During a news conference, the first held in months after what she acknowledged has been a “relatively calm summer,” Ferrer struck a largely calming tone. Coronavirus spread, though increasing, is nowhere near as far-reaching or disruptive as during the pandemic’s earlier phases.

Over the last week, Ferrer said, L.A. County has reported an average of about 571 new coronavirus cases a day — essentially double the figure from a month ago.

“Case numbers are relatively low compared to many other points this past year,” she said. “I also want to note that it’s a bit unfair to make those comparisons because there’s less reportable testing.”

Official case tallies have long been an undercount because of the prevalence of at-home testing, and that gap has only widened as public health departments wind down their screening efforts.

Though the rise in infections is also accompanied by an increase in hospitalizations, the latter does not appear to be climbing at a rate comparable to past surges.

New weekly COVID-19 hospitalizations in California have doubled since the beginning of summer but remain less than half of last summer’s peak — possibly because of enduring immunity from past vaccinations or infections.

Nationally, new weekly COVID-19 hospitalizations are more than double since the start of the summer, but only one-third of last summer’s peak.

The dramatic decrease in severe illness and hospitalization explains why there is little appetite for tactics such as universal mask-wearing orders, the last of which ended in Los Angeles County 18 months ago. Even mask-wearing requirements for healthcare workers have ended in recent months; most California counties dropped the requirement in April, and L.A. County ended its order on Aug. 11.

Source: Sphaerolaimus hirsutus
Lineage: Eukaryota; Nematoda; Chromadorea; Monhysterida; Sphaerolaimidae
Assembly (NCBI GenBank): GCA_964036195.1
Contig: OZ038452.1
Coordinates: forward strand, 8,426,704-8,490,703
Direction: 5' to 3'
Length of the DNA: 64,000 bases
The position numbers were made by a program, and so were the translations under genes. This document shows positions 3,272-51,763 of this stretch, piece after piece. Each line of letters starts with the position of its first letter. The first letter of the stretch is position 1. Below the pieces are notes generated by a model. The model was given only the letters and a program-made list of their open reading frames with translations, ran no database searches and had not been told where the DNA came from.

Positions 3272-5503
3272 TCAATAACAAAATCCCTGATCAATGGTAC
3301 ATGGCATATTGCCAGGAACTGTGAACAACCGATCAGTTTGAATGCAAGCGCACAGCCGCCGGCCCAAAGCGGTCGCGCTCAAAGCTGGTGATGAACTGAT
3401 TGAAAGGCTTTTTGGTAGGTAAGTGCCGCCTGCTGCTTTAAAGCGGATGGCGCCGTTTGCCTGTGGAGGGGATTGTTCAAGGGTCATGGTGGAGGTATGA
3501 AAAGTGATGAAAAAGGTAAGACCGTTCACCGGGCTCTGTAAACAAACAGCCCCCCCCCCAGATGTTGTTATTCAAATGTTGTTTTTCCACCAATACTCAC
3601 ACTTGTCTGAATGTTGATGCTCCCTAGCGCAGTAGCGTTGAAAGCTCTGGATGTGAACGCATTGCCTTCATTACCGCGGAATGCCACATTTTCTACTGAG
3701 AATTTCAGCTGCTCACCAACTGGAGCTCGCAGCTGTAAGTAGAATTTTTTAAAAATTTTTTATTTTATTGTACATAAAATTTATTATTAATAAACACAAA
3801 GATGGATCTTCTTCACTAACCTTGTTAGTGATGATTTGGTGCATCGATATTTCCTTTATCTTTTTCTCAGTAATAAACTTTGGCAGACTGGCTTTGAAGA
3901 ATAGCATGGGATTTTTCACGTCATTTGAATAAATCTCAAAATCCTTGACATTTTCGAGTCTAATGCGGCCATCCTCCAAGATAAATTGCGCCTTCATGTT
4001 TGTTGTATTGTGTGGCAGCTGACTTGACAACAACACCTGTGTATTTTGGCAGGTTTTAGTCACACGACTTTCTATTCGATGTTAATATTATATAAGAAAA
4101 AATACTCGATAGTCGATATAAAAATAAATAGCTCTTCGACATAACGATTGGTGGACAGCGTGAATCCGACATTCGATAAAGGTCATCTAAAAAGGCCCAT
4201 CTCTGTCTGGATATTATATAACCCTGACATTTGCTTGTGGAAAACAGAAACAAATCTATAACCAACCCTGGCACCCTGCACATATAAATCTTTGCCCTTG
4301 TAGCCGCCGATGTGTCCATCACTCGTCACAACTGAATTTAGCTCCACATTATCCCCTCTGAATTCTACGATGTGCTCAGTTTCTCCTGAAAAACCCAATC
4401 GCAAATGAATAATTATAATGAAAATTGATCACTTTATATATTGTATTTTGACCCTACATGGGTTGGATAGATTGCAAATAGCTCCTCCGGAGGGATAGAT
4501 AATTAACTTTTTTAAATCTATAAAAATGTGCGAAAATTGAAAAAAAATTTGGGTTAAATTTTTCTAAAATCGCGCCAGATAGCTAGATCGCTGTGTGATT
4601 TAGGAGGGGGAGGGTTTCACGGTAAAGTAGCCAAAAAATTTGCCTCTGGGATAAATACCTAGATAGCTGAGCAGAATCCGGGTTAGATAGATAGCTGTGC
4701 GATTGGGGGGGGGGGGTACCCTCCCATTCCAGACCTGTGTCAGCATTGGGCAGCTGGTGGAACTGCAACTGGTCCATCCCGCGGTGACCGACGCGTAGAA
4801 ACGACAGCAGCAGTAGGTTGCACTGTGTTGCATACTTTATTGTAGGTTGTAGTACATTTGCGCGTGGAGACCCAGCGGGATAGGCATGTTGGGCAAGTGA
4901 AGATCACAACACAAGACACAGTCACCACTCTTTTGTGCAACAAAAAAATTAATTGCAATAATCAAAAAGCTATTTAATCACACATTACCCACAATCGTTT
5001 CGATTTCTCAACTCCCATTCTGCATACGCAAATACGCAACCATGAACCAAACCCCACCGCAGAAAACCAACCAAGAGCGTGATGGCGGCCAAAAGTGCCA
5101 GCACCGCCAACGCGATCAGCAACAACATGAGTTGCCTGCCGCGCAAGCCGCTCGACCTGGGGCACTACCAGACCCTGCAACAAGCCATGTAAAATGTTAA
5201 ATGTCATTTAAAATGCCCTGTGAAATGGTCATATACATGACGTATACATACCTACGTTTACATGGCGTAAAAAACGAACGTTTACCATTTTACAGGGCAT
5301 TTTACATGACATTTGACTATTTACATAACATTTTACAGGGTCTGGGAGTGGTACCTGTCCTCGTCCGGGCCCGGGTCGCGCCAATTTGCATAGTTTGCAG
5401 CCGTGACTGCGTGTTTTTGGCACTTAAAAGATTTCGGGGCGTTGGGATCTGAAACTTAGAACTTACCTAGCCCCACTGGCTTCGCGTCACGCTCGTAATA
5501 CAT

Masking orders at certain sites, such as workplaces, have been ordered specifically to quell an outbreak. Some hospitals have returned to mask mandates; Kaiser Permanente Santa Rosa recently imposed one for hospital employees in response to the latest increase in coronavirus infections.

“The immunity is stronger today than at any other point in the outbreak,” Dr. Mandy Cohen, the director of the U.S. Centers for Disease Control and Prevention, said in a recent video briefing. “That means we’re moving toward COVID-19 being a more manageable illness with less severe illness.”

Compared to last summer, “we’re in a much different and better place in August of 2023,” Cohen said. “We have stronger immunity and tools to protect ourselves: We have vaccines, at-home tests, effective treatments and common-sense strategies like washing your hands and staying away from people when you’re sick.”

She added: “However, COVID-19 remains riskier if you’re unvaccinated, and riskier still if you are unvaccinated and [have] not had COVID as a prior infection. Your age and your underlying health conditions also matter.”